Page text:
Gun violence soared during the COVID-19 pandemic, a new study finds – but the reasons why are complex
In a new study, we found that the overall U.S. gun violence rate rose by 30% during the first year of the COVID-19 pandemic compared to the year before. In 28 states, the rates were substantially higher between March 1, 2020, and March 31, 2021, compared to the pre-pandemic period from Feb. 1, 2019, through Feb. 29, 2020. There were 51,063 incidents of gun violence events resulting in injury or death in the United States in the first 13 months of the pandemic compared to 38,919 incidents in the same time span pre-pandemic.
Early in the pandemic, gun sales in the United States surged, with more than 20% of these purchases by first-time buyers. And access to firearms is a well-established risk factor for gun-related suicide and homicide. This sharp increase in firearm purchases raises serious concerns, since the combination of increased stress, social disruption and isolation during the pandemic created a perfect storm of conditions that could contribute to increased gun violence.
These trends were also concerning since the increased rates of gun violence could strain the health care infrastructure that was overtaxed due to an unprecedented influx of COVID-19 patients.
How pandemic conditions played a role
The pandemic has been associated with psychological distress due to increased isolation, increased rates of domestic violence, a disruption of social networks and unemployment. But much more research is needed to get a clear picture of how all of these variables may have contributed to overall gun violence.
We used a publicly available database of gun violence events and divided those events by the number of people living in each state. We also added other factors such as age, race and ethnicity, and we recorded the status of each state’s stay-at-home orders and the number of COVID-19 cases. We found that gun violence rates increased substantially in 28 states, or 56% of all states, scattered throughout the U.S., without any clear pattern. The increase in gun violence was highest in Minnesota, with a 120% increase.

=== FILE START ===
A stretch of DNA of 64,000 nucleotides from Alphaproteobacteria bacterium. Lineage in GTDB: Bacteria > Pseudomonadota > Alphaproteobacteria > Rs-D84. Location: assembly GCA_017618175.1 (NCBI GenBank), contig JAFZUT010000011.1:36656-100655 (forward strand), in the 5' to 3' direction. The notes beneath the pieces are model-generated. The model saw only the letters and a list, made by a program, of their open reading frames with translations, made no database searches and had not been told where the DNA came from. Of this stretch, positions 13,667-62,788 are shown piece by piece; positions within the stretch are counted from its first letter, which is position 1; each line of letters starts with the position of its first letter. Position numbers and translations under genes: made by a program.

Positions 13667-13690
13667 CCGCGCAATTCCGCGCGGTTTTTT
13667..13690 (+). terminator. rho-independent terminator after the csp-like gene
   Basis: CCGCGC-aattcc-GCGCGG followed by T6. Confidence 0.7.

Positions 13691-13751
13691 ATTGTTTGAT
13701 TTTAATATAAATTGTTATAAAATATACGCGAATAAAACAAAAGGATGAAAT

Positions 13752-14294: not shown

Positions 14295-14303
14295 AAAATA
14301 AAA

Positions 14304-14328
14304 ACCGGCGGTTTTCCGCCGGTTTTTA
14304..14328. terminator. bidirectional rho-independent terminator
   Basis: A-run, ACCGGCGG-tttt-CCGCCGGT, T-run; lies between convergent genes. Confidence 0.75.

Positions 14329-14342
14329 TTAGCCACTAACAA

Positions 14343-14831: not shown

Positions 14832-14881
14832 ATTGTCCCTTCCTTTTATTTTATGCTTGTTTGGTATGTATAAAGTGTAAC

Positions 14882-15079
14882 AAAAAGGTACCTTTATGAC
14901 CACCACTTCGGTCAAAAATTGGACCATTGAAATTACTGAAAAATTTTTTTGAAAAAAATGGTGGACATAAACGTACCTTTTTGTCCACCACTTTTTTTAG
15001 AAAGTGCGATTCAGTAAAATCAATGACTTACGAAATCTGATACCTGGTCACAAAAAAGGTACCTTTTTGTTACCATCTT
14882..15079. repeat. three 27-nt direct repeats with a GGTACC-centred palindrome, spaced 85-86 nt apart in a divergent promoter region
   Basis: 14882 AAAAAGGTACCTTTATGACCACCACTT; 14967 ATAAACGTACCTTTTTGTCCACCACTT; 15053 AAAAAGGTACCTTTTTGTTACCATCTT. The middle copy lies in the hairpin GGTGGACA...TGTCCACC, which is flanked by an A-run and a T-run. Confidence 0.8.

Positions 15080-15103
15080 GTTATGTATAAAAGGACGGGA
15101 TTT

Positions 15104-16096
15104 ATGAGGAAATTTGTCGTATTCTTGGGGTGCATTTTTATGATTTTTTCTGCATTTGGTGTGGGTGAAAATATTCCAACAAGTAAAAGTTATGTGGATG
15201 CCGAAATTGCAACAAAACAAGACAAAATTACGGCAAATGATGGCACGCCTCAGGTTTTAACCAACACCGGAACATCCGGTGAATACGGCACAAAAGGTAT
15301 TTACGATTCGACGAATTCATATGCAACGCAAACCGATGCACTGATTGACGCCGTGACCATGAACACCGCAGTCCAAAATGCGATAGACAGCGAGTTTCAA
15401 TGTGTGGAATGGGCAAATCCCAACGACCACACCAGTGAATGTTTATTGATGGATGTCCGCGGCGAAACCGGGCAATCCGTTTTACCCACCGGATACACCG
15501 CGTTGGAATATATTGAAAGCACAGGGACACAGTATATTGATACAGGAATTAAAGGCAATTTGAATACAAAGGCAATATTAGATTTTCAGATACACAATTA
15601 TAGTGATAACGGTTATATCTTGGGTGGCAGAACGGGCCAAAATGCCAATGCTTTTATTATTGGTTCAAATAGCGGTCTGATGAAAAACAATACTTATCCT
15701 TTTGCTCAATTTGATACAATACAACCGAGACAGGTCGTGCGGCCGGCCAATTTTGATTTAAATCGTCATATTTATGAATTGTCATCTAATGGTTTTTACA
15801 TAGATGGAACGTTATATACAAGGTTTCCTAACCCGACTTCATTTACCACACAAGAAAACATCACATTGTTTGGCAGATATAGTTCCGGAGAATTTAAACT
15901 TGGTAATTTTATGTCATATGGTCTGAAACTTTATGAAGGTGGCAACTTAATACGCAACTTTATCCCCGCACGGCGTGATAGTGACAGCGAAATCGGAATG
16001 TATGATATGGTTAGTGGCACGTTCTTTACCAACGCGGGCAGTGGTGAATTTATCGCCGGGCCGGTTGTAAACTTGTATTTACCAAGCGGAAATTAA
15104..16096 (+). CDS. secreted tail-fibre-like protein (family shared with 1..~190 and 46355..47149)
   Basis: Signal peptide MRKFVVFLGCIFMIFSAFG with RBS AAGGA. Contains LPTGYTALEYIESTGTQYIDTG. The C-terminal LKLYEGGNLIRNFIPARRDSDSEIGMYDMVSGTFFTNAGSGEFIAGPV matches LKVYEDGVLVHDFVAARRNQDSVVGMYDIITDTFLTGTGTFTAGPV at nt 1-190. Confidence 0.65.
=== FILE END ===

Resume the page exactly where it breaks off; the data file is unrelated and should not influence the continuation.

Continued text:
Due to ongoing police investigations, we were advised to not separate out counts of suicides and homicides before investigations are completed. To get a fuller picture, it will be important for future studies to assess comparisons of suicide and homicide rates during this same period.
The spike in gun violence in the era of COVID-19 comes as a stark reminder that greater public health resources are needed to address and prevent gun violence, even as we continue to work to mitigate the pandemic.
Paddy Ssentongo is assistant research professor neural engineering at Penn State. Jennifer McCall-Hosenfeld is associate professor of medicine at Penn State.
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